The Value of Tailored Research at City of Calgary

Interview with Natasha Harckham, Norma Ruecker, and Mark Crowdis

The City of Calgary provides safe, reliable water to over 900,000 residential customers and over 20,000 industrial, commercial, and institutional customers. A founding member of WRF, the City of Calgary has participated in many projects since the late 1980s. More recently, Calgary has taken advantage of WRF’s Tailored Collaboration (TC) program, participating in a series of projects on diverse topics including risk governance, enterprise resilience, and filtration process control. WRF sat down with Natasha Harckham, Implementation Program Manager – Realignment; Norma Ruecker, Leader of Microbiology in Water Quality Services; and Mark Crowdis, Manager of Water Quality Services; to hear more about their experiences.

Tell me about yourselves—how long have you worked at the City of Calgary and what are your roles there?

Natasha Harckham: I have been at the City of Calgary for 10 years. Seven of those years were in the Water Resources Unit as the Senior Regulatory Analyst of our biosolids program. Currently, I am moving into a role more focused on infrastructure delivery and corporate capital planning. In terms of academics, I am a soil scientist by background. To step in line with the career I now have, I recently completed my Executive MBA.

Mark Crowdis: I have spent just over 25 years with the City of Calgary. I started my career with wastewater treatment in several different roles. I have been the Water Services Quality Manager in Water Resources for just over two years. I recently finished a master’s degree in leadership, and I have some supporting university certificates in business and environmental components.

Norma Ruecker: I’ve been with the utility over 11 years, always in a technical role in Water Quality Services. I’m a microbiologist. I did my PhD on Cryptosporidium. I wrote a white paper for The Water Research Foundation a long time ago and was active with WRF for a long time before I came to the utility. I work on the public health side of our water utility and my team stewards projects on our watershed and our drinking water, stormwater, and wastewater.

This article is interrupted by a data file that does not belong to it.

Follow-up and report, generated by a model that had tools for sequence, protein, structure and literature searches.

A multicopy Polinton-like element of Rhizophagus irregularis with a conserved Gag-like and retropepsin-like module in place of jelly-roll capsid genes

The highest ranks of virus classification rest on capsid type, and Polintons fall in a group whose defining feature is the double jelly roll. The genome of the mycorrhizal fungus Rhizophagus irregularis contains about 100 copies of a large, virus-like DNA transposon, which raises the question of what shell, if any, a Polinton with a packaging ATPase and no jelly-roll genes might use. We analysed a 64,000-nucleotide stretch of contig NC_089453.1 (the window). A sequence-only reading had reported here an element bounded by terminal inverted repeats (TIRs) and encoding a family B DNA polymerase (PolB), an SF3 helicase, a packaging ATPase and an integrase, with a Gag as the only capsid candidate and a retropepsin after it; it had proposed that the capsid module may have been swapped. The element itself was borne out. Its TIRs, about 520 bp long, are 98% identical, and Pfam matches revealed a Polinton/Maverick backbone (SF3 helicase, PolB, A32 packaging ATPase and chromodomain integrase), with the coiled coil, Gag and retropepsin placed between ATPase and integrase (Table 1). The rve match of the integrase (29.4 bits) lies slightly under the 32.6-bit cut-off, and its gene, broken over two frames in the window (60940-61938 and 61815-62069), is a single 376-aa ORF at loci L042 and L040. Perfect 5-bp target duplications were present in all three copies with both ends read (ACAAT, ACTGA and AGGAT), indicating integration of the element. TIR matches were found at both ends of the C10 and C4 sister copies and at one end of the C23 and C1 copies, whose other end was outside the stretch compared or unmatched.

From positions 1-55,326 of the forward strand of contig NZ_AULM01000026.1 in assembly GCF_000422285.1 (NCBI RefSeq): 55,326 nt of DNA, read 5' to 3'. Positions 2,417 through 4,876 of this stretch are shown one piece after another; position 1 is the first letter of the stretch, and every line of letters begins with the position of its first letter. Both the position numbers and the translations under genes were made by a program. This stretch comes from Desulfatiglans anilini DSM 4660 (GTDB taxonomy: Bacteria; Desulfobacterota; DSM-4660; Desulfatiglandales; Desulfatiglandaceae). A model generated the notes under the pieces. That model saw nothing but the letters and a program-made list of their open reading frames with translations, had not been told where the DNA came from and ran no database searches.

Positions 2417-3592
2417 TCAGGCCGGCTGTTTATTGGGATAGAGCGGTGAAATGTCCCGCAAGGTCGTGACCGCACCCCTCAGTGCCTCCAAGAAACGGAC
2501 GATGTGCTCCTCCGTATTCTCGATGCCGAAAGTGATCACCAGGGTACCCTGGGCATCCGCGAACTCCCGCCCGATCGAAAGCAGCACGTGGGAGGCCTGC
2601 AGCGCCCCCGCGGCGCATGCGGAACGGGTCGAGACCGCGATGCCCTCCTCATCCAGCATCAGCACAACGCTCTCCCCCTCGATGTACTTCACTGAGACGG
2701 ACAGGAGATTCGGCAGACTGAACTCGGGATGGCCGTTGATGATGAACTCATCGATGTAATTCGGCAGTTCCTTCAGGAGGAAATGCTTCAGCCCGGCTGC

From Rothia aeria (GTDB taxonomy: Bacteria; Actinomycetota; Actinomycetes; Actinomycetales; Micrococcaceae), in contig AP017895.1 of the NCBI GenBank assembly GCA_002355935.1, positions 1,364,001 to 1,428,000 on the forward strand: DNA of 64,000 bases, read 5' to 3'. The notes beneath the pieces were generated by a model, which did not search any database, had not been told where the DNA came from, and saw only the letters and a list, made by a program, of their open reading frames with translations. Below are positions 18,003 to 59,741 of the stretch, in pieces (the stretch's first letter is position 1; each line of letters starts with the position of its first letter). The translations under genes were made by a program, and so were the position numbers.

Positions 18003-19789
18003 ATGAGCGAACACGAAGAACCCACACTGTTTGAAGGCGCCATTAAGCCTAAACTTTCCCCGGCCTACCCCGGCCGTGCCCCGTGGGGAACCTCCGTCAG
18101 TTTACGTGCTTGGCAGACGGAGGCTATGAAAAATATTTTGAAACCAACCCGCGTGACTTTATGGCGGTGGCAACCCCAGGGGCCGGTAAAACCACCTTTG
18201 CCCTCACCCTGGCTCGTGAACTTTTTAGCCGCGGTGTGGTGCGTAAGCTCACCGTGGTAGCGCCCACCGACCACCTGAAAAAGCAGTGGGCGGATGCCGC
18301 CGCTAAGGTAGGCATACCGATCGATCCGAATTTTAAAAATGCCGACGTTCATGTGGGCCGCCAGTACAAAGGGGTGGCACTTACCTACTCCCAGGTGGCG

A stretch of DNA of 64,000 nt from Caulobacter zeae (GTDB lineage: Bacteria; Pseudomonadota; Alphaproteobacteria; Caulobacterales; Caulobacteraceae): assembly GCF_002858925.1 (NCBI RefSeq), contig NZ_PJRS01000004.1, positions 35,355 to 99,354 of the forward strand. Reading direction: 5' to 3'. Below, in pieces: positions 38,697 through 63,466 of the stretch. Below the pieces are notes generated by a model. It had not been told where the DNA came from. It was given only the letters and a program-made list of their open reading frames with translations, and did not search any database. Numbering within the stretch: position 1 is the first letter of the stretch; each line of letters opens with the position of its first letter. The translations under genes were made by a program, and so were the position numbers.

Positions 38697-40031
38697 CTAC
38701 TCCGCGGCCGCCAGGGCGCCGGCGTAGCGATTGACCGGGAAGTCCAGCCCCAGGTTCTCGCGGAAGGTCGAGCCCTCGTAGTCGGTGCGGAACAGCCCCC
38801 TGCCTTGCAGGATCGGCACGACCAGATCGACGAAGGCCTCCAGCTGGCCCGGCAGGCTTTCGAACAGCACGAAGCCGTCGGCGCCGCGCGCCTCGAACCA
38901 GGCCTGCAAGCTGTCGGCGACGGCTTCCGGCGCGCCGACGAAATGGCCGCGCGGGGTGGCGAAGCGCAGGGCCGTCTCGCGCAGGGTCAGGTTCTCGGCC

Let’s talk about your ongoing TC project, Filtration Process Control for Pathogen Removal and Climate Change Adaptation (5110). What were the drivers to pursue this project?

Ruecker: Even as a graduate student, I was always talking about how the current regulatory framework for Cryptosporidium in the U.S. and Canada was forcing water treatment plants into large dollar amount capital upgrades that weren’t actually protecting or improving public health. Cryptosporidium is host-specific, plus we have no measurement of infectivity in our current protocols. When I first came to the utility, we were looking at UV disinfection upgrades in Calgary because of our protozoa concentrations, but we have since deferred our UV investments because we have determined that there is not enough risk from Cryptosporidium to justify those investments.

I’ve known Liza Ballantyne at the City of Toronto for a long time. With her as a water treatment engineer and myself as a microbiologist, we have had lots of conversations around pathogen risk at water utilities. Something Calgary and Toronto have in common is very high-quality source water.

Toronto draws water from Lake Ontario, and their raw water turbidity is often so low that they often meet the filter effluent turbidity requirements before any treatment is applied. They were questioning how to know whether they've achieved optimal coagulation as turbidity did not necessarily appear to a sufficient parameter to indicate treatment performance. Since Calgary was similarly questioning the use of turbidity as the primary indicator of treatment performance, we decided to team up and revisit conventional filtration. Some of the preliminary data from the pilot testing in Toronto has shown that even in the middle of winter, when source water quality is high, direct filtration options can be more protective than conventional treatment, just because you have a much better chance of getting that coagulation right. So that led us to the question—is turbidity the right measurement for filter bed performance?

This project is really an easy collaboration between the two utilities and the University because we all have the same concerns. And it is all about leveraging investments—If we can partner with Toronto to help us in the future, this saves Calgary time and money.

Could you speak more to the climate change adaptation aspect of this project?

Ruecker: Climate change brings more drought, more floods, more forest fires, and those things happen quickly and can affect water conditions very quickly. We need to be able to optimize our treatment process in the blink of the eye and be able to respond when those things happen. This project will help us do that.

Calgary has also been involved on some Tailored Collaboration projects on risk governance (4363, 4573). How is risk governance is handled today at the City of Calgary?

Crowdis: I have been involved in different risk focus areas at the City of Calgary, and our approach has been influenced by this research. One example I’ll speak to is our risk-based management practices. We had a lot of conversation around our culture, the different levels of where people are coming to the table. We have some operations people who have a particular tolerance level for risk, whereas there are others outside of operations who have a different tolerance for risk. When you bring those opinions together, you start to get into the nitty gritty of how we want to mitigate a particular risk, and how, as a collective utility, are we willing to live with that risk going forward.